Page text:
Sarcasm? Not at all.
You could probably say I travel more than the average person (although, honestly, not as much as I’d like to). One summer not too long ago, I was home only two weekends from the beginning of May to the end of August. I’ve had my luggage lost. I’ve sat by my share of crying kids. I’ve missed connections and encountered customer service agents with no concept of service. I’ve certainly experienced the hassles and inconveniences that plague modern air travel, but I’ve realized that, despite them all, I actually look forward to flying.
In the quest to balance work, grad school, freelance assignments, and the rest of my life, time has become the one thing I continually crave. Sure, it’s not always easy to get comfortable in a 17-by-32-inch space, but when else do I have the freedom to delve into a book for more than an hour at a time? When else do I have permission to people watch without guilt or the license to become completely lost in thought? When else am I actually required to turn off my iPhone and take a break from the neverending flood of emails and the constant current of social media?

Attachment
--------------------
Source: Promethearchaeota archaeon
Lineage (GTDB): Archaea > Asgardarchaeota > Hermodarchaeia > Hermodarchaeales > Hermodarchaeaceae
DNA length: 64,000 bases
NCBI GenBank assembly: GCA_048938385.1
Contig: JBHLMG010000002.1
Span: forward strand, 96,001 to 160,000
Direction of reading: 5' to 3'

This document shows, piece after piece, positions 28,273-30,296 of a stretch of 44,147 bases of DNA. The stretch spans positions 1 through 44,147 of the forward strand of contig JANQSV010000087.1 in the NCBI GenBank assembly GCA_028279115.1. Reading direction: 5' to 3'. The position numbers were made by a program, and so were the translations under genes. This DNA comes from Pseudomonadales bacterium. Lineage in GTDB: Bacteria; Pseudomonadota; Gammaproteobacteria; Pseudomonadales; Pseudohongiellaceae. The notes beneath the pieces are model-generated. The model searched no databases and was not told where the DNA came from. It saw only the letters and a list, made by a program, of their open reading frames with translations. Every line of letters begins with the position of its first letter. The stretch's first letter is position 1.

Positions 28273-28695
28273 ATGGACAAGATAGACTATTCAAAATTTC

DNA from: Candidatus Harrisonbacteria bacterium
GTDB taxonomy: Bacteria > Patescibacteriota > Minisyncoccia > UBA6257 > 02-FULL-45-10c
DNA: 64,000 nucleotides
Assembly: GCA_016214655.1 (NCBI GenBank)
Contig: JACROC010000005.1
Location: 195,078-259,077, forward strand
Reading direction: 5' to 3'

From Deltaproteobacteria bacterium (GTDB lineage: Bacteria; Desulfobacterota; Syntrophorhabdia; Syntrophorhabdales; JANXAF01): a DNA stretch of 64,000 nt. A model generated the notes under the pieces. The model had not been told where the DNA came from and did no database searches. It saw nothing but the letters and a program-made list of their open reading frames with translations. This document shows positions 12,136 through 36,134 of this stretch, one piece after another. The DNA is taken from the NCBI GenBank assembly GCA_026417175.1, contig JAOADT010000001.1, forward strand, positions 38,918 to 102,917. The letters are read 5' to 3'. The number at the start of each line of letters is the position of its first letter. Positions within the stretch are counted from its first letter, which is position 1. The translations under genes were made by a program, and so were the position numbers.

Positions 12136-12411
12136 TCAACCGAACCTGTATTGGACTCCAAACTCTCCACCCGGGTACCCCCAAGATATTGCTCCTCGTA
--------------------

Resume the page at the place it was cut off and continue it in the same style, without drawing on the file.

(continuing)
I have a love of long-form journalism, and while waiting for a recent flight to Indianapolis, I sat in the airport and finished an article I had been digesting in small bites over the past week as I ate my morning cereal or bounced along on the Metro into D.C. It was wonderful to reach the end in one sitting. Then, on the plane, I became engrossed in A Year in Provence, a book I’d been trying to dive into for an entire month but hadn’t been able to concentrate on for more than two pages at a time. I ordered a glass of wine and lost myself in descriptions of life in rural France. When we landed, I felt refreshed.
Unencumbered by the real world on the ground, the time in transit can be a mini escape. And that’s where I find joy in flying.